After many years of waiting for the Securities and Exchange Commission (SEC) to take action, 2016 saw the final installment of the JOBS Act trilogy come to life with the introduction of Regulation Crowdfunding — allowing startups and small businesses to turn friends, family, followers and fans into investors. The JOBS Act was the single largest change to regulations affecting investment offerings by small companies since the creation of the SEC and Federal Reserve after the Great Depression. History with innovative securities for capital formation shows that it usually takes at least a decade for an industry to take off and hit its stride. We are really in the earliest stages of a fundamental change to early stage security law.
There are three essential forms of equity crowdfunding:
- Regulation Crowdfunding, which is designed for seed stage funding of startups and microenterprises;
- Reg 506(c), more commonly known as General Solicitation, which was designed for the syndication of wealthy investors and is the foundation for the success of AngelList, the world’s largest platform that allows investors to discover investment opportunities in early stage companies online; and
- Regulation A+ which is a form of equity crowdfunding designed as a low cost alternative to a full public offering for growing companies.
These three varying forms of equity crowdfunding could not be more different — but media, pundits and small business owners alike frequently fail to understand the differences between them or when to apply which new set of opportunities to raise funds for their business. At the start of 2017, let’s review what the data tell us and where these new forms of raising capital are headed.
Experienced investors showing up
The first installment was Title II of the JOBS Act, which was enacted as part of Rule 506(c) way back in 2013. This first form of investment crowdfunding allowed firms to generally solicit investments, meaning 80 years of federal law preventing small firms from seeking investments from people they didn’t have a pre-existing business relationship with went out the window. A common mistake by startups is to assume that all forms of crowdfunding allow broad soliciting and advertising. However, the SEC only allows general solicitation of accredited investors (wealthy individuals). Title II helped transform AngelList into what is arguably now the leading hybrid angel network and VC firm in Silicon Valley. This also saw the creation of an entirely new industry of Real Estate Investment Crowdfunding. 2016 overall saw a dramatic increase in deal quality, as well as an industry first of a company launching its fourth funding round in a row through equity crowdfunding on the leading platform OurCrowd.com.
The good news is that the outlook for 2017 is very positive. 2017 should see tens of thousands of new investors in companies through Regulation Crowdfunding and at least double the number of successful Regulation A+ campaigns. Investors are also not shying away from firms that have raised funds through equity crowdfunding and in fact have an appetite to continue investing in these firms. This will lead to an increased willingness of many founders to consider crowdfunding as a viable option for capital.
Established firms showing interest
The second installment was Title IV of the JOBS Act, which modified Regulation A and created what is called a Regulation A+ offering. This went live in September of 2015, but by the end of 2016 less than 20 companies had closed an offering through Regulation A+. This act allows what is called “testing the waters” (TTW) — securing non-binding expressions of interest in making investments in advance of the costs, time and effort of filing for approval with the SEC. A cottage industry also developed in 2016 to help companies create, manage and monetize these TTW campaigns. The single most misunderstood aspect of Regulation A+ is that it is not designed for startups or even firms up through a series A round. Regulation A+ was designed to restore some sanity to the early stage stock market — allowing firms to go public with valuations in the low tens of millions of dollars, not the $500 million or more needed for a full public offering. 2017 will see dramatic growth in this sector with established firms starting to use Regulation A+ offerings in lieu of venture debt or seeking growth equity.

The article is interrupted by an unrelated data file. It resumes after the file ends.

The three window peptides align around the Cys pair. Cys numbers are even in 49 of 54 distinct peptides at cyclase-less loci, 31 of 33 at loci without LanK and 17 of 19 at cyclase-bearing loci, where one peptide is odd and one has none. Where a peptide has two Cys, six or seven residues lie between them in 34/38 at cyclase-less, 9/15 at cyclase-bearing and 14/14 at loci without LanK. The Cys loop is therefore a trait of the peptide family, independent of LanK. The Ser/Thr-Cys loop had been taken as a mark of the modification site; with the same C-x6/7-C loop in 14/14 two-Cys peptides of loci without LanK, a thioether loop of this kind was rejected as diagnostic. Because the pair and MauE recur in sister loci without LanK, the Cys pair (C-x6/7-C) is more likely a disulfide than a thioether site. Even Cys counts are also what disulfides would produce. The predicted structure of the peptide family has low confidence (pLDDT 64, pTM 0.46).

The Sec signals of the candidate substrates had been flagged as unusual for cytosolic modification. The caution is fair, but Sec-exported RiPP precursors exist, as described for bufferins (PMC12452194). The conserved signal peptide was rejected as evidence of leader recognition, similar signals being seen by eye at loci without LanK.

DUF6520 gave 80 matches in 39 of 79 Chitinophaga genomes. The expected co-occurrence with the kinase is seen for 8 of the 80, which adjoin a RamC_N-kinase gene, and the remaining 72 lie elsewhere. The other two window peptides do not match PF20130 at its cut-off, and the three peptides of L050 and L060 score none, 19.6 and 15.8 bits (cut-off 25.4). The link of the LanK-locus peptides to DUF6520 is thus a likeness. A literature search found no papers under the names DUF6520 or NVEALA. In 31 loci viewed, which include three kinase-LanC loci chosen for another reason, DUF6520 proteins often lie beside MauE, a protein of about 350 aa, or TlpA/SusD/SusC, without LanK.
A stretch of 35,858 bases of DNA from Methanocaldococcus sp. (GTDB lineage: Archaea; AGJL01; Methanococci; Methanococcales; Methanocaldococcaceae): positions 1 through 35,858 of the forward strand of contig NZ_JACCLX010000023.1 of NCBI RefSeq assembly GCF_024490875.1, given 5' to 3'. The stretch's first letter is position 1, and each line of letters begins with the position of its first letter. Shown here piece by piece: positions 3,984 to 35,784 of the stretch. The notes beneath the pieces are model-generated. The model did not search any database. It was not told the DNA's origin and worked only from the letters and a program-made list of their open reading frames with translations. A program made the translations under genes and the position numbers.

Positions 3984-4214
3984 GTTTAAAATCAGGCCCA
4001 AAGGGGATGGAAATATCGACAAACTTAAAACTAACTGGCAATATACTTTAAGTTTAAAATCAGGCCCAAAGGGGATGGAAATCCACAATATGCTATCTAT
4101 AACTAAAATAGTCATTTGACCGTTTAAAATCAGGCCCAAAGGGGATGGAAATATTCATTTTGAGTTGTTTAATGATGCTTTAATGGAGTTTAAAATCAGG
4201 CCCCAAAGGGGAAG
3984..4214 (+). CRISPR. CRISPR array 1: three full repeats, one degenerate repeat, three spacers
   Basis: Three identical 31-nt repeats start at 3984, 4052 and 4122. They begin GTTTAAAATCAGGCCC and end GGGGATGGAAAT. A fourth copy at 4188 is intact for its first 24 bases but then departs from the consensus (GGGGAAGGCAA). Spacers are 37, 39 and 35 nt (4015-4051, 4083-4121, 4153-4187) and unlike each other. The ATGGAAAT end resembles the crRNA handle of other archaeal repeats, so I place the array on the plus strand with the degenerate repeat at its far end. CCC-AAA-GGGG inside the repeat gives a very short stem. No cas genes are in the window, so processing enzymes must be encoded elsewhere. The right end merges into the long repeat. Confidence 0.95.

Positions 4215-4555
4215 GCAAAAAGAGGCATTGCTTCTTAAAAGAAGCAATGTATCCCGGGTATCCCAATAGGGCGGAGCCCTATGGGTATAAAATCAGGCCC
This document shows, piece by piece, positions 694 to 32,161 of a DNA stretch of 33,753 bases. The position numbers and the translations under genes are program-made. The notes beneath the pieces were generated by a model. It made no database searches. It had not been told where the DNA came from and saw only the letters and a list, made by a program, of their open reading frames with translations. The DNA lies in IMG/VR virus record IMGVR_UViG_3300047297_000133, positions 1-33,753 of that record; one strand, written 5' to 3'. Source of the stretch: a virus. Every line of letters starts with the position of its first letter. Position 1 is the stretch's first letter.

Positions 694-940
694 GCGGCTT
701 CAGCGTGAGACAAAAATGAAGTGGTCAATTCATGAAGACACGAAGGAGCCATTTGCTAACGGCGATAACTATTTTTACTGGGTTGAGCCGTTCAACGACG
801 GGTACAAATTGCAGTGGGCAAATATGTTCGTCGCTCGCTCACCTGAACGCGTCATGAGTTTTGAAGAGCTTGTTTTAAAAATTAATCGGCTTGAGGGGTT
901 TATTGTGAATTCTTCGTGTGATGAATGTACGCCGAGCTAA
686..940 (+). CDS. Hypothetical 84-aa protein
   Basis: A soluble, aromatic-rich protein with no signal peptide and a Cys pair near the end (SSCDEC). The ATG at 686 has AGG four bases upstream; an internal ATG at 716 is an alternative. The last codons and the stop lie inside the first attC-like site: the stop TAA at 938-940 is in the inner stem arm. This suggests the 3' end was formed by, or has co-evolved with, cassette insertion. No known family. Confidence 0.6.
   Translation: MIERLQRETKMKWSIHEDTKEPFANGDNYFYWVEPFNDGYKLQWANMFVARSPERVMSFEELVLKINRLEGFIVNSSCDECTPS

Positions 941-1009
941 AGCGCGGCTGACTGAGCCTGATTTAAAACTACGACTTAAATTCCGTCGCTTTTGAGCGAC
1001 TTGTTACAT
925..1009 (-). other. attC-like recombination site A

Positive signs for regulation crowdfunding
The latest installment was Title III or Regulation Crowdfunding, which went live on May 19, 2016. Regulation Crowdfunding has started slowly, but PIPEs, SPACs and other forms of alternative equity offerings were also essentially flat their first couple of years. This shows that the market is learning, not that the model is failing. In fact, early data suggest some very positive signs for how Regulation Crowdfunding may grow.
Steady growth trends
As of the end of 2016, our NextGen Crowdfunding Data Dashboard shows that just over $16.35 million has been invested in startups through Regulation Crowdfunding. Q2 of 2016 saw $2.2 million of investing; Q3 saw $4.8 million; and Q4 saw $9.6 million. With investment dollars doubling each quarter in 2016 — even with an expected dip around the holidays — the future of Regulation Crowdfunding appears strong.
We cannot predict how the growth curve will develop, but it is fair to say that both crowdfunding platforms and issuers are starting to learn how to use this model. Also with the potential of decreased regulation stemming from the “Fix Crowdfunding Act” making its way through Congress, there is real potential for Regulation Crowdfunding to take off in 2017.